This document is authorized for use only by Krishna Patel in MBA 542 Fall 2020 Canada taught by CHEN LIU, Trinity Western University from Aug 2020 to Feb 2021.

Toys “R” Us: Come Buy My Toys 220-023

7

invested capital, the PE firms would have received from their limited partners of their respective funds. This would equate to an additional ~$100 million per firm over a 12-year holding period, unless they were waived. Some transaction fees were waived in 2013 and 2014.50 It should be noted that the PE firms did not at any point perform a “dividend recap,” meaning that they did not refinance the original acquisition loan at a higher amount and dividend out amounts to their partnerships, which would have reduced their clients’ basis in the investment. In the end, most of any investment losses were incurred by the limited partners, not the PE firms.

At the same time, TRU employees, who were collectively contractually entitled to $75 million in severance, did not take the bankruptcy proceedings quietly. However, this claim was unsecured and therefore wiped out in the liquidation. Led by the worker advocacy group Rise Up Retail, ex-employees took part in protests across the country and demanded new laws that would limit leverage on PE transactions as well as guarantees of employee severance.51 Fifty thousand terminated workers and their supporters signed a petition to the firms demanding some severance payments given the fees the PE firms had received, which they claimed equated to $15,000 per worker.52

In the following months, workers visited investment meetings of 14 pension funds who had invested with Bain Capital and KKR to air their grievances and call for the funds to take a stand against Bain Capital and KKR as limited partners. These efforts did not fall on deaf ears; for instance, Minnesota’s state pension plan temporarily halted investments in KKR funds upon hearing of KKR’s initial refusal to contribute to employee severance.53 As Sarah Bloom Raskin, former Deputy Treasury Secretary in the Obama administration stated, “Workers don’t want their pension money invested in ways that hurts other workers. No one wants to be invested in their own decline.”54

Pension funds as limited partners, in particular, have historically been critical of investments that were unpopular with their constituencies. For instance, some investors limit or prohibit investments in categories like guns or fossil fuels, and PE firms have often been willing to concede on these issues to avoid alienating important sources of capital.55 Given that many public pension board members represented labor unions, pension funds had a vested interest in avoiding investments that may actively hurt workers. As exemplified by the Minnesota pension plan’s freeze on investments with KKR until it contributed to employee severance, the TRU case highlights the ability of limited partners to hold general partners accountable on social issues—and of workers to indirectly exert their own influence through pension boards. However, the cash flows into the PE asset class indicate that some sources of capital may be willing to look the other way in their continued search for superior returns (see Exhibit 12 for global PE fundraising activity in 2017).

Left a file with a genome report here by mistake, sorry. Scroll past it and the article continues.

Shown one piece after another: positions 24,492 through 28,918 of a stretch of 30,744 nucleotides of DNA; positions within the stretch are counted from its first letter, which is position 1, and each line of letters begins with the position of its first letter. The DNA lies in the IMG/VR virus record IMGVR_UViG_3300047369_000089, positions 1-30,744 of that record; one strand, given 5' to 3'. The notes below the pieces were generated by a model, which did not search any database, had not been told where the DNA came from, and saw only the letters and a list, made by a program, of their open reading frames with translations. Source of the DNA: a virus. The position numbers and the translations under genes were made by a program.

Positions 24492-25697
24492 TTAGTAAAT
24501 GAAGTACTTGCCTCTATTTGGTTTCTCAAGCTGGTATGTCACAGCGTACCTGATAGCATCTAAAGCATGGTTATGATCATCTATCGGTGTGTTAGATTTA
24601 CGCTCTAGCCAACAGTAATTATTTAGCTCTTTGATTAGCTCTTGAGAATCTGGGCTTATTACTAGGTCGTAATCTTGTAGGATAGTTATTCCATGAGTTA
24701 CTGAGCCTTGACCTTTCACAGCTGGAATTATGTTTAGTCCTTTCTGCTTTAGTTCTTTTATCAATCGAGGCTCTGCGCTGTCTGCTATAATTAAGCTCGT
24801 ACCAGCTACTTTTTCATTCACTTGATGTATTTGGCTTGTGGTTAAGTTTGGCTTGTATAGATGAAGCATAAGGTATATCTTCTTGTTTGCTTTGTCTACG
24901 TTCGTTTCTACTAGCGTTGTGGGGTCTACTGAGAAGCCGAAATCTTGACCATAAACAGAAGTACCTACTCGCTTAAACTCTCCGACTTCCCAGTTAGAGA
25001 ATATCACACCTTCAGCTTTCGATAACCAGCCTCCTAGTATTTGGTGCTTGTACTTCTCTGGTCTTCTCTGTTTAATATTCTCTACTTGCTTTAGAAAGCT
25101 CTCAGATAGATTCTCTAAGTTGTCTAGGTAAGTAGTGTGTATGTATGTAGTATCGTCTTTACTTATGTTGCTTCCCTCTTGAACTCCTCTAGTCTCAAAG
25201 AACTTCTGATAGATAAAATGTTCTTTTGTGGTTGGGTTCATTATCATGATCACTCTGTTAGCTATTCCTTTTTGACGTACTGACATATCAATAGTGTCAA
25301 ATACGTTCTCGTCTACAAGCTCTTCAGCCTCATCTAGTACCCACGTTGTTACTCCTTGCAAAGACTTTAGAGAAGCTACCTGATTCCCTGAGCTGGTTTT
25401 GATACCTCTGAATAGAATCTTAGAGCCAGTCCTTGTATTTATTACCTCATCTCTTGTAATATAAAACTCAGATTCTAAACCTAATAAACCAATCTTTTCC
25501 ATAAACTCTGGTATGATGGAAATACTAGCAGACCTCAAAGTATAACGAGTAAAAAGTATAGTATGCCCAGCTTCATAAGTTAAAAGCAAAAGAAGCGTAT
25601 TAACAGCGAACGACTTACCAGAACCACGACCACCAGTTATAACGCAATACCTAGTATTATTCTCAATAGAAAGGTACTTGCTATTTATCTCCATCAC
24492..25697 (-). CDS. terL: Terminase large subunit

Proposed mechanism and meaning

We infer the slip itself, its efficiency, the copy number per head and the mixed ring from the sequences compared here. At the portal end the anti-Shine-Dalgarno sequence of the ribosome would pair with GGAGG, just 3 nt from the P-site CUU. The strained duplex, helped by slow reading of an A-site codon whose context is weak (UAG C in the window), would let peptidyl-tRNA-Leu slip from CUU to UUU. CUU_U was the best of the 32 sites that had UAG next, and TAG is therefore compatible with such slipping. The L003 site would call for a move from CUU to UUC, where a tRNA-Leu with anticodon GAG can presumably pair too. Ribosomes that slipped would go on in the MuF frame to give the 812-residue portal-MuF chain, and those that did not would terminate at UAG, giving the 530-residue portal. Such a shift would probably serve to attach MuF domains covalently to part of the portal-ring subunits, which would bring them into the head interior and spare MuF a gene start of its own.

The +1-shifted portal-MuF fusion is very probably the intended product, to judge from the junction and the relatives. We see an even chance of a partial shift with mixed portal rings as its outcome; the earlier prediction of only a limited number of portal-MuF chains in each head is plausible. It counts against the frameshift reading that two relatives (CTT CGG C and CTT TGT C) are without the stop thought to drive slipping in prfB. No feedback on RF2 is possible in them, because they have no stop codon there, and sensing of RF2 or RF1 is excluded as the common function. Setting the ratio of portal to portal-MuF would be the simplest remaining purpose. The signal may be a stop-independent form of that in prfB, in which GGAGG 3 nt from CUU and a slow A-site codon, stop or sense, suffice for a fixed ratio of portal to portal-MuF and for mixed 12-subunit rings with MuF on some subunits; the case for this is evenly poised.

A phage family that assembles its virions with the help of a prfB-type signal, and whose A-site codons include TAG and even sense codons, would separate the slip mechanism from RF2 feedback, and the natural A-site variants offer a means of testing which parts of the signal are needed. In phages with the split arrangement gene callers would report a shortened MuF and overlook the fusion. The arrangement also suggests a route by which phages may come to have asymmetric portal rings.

On November 20, 2018, both Bain Capital and KKR announced that each had committed $10 million to a fund for former TRU employees—a rare move in the industry, though still significantly shy of the $75 million outstanding severance. Notably, the $20 million in total contributions to the TRU Financial Assistance Fund did not come from either PE firm’s limited partners.56 As of July 2019, Vornado had not yet announced a commitment.57 Similar requests to the other PE firms, especially Solus Alternative Asset Management, were rebuffed. Solus told their investors the requests were tantamount to extortion.58

Assigning Blame: PE Firms, Creditors, and Changing Markets? In the midst of the tremendous public scrutiny over TRU’s downfall, politicians, employees, public

pension funds, the creditors and the PE firms were each quick to point fingers and assign blame. Some, particularly Bain Capital and KKR, blamed TRU’s creditors, claiming that they were too quick to force liquidation; with a little more patience and time a Chapter 11 restructuring might have allowed TRU to rebound.59

For the exclusive use of K. Patel, 2020.

This document is authorized for use only by Krishna Patel in MBA 542 Fall 2020 Canada taught by CHEN LIU, Trinity Western University from Aug 2020 to Feb 2021.

220-023 Toys “R” Us: Come Buy My Toys

8

Others, pointing to the poor performance of established toy brands like Mattel, cite TRU as indicative of a broader decline in the U.S. toy industry as electronic devices like iPads and Kindles came to replace more traditional, “old-school” toys like the Barbies and remote-controlled helicopters that dominated TRU’s offerings.60 Exhibit 13 shows the decline in U.S. toy demand and shipments over the 2006−2016 period. Did market shifts doom Toys “R” Us?